Noy Holland’s I Was Trying to Describe What It Feels Like: New and Selected Stories was published by Counterpoint in January 2017. Her debut novel, Bird (Counterpoint), appeared in 2015, to great critical acclaim. Holland’s collections of short fiction and novellas include Swim for the Little One First (FC2), What Begins with Bird (FC2), and The Spectacle of the Body (Knopf). She has published work in The Kenyon Review, Antioch, Conjunctions, The Quarterly, Glimmer Train, Electric Literature, Publisher’s Weekly, The Believer, NOON, and New York Tyrant, among others. She was a recipient of a Massachusetts Cultural Council award for artistic merit and a National Endowment for the Arts Fellowship. She has taught for many years in the MFA Program for Poets and Writers at the University of Massachusetts. Visit her author website, read an interview at The American Reader, and listen to her read from her novel Bird at Bard College.

Dara Wier author photo

Dara Wier, Co-founder (she/her)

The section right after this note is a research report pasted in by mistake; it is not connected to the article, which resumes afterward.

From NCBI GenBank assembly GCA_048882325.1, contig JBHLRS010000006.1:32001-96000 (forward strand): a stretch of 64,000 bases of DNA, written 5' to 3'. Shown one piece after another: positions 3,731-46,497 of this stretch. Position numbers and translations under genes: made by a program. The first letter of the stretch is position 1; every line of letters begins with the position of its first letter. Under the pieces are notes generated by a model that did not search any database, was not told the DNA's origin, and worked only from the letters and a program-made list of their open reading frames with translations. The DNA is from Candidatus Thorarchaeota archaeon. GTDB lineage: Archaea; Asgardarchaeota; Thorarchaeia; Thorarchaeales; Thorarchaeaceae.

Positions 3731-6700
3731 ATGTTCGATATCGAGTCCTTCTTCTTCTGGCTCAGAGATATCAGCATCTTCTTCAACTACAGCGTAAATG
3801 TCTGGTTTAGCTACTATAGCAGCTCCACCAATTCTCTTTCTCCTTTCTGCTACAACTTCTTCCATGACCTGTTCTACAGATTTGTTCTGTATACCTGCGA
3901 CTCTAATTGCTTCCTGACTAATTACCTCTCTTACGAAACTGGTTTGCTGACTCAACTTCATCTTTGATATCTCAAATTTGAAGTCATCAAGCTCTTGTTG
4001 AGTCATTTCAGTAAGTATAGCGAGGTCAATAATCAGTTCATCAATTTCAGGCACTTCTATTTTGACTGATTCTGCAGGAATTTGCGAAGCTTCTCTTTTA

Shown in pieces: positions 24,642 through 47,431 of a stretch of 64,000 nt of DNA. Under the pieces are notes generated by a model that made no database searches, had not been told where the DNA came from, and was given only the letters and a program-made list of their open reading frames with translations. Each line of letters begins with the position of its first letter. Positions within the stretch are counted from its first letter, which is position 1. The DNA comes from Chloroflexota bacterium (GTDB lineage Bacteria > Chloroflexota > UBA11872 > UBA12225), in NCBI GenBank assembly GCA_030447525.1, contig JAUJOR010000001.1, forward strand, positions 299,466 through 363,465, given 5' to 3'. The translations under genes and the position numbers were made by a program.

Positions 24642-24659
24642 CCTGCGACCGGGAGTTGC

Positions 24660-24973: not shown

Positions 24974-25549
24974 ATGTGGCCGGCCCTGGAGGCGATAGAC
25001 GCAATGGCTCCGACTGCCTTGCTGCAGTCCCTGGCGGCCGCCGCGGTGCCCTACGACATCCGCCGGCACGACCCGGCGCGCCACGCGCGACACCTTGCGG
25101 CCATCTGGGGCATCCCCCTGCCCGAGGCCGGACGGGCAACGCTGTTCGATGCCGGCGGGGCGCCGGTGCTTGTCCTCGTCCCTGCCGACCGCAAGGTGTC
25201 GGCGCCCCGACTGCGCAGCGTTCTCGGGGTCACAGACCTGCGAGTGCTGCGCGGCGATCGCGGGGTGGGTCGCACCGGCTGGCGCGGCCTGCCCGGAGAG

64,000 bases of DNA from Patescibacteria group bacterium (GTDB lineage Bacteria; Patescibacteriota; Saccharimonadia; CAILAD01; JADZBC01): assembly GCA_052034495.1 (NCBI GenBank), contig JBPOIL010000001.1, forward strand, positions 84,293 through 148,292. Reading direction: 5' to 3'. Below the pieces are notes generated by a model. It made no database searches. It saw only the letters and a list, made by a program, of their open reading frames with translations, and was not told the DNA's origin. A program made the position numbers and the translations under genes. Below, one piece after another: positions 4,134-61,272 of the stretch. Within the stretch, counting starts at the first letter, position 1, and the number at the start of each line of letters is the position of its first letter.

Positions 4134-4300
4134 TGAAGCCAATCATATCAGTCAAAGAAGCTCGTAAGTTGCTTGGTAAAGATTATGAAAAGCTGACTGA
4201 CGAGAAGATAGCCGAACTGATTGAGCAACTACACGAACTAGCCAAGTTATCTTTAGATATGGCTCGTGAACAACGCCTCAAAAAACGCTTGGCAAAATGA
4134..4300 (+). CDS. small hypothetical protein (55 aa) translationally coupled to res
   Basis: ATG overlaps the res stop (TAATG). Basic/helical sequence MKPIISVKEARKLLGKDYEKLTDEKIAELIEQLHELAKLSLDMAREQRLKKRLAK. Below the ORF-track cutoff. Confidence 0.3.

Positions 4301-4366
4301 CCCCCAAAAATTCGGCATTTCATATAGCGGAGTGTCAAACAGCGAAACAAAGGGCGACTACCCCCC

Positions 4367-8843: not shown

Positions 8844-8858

Dara Wier's newest book of poems in the still of the night was released in fall 2017 from Wave Books, which has been her publisher since the book length poem Reverse Rapture. In 2014, The Believer named You Good Thing a reader's choice book of the year. Her poems have been awarded the American Poetry Review’s Jerome Shestack Prize, a Guggenheim Foundation Fellowship, a National Endowment for the Arts fellowship, a Massachusetts Cultural Council Artists Award, and the San Francisco Poetry Center's Book of the Year Award; are included in the Pushcart Prize and Best American Poetry anthologies; limited editions include (X IN FIX) and the big broadside The Usual Ratio of Banality To Wonder from RainTaxi’s brainstorm series, A Civilian's Diary of the War Years from The Song Cave, and with James Tate, The Lost Epic of Arthur Davidson Ficke, the Author’s Annotations, Commentary, and Notes of Reference for a Millennium’s Teardrop from Waiting for Godot Books. Recent poems can be found in Boston Review, Conduit, Volt, Plume, Poor Claudia, Bat City Review, Divine Magnet, Epiphany, LITERATURA, Hyperallergic, and elsewhere. She's been a poet-in-residence at the University of Montana, University of Texas, Emory University and the University of Utah; she was the 2005 Louis Rubin chair at Hollins University in Roanoke, Virginia and is a member of the poetry faculty of the MFA Program for Poets and Writers at the University of Massachusetts Amherst. She is a publisher and editor of the small independent press factory hollow press, and the literary magazine jubilat. Along with Noy Holland she co-founded the Juniper Initiative for literary arts and action and the Juniper Summer Writing Institute. Dara Wier was born in New Orleans, Louisiana. She writes the ongoing series about reading and writing INSIDE UNDIVIDED.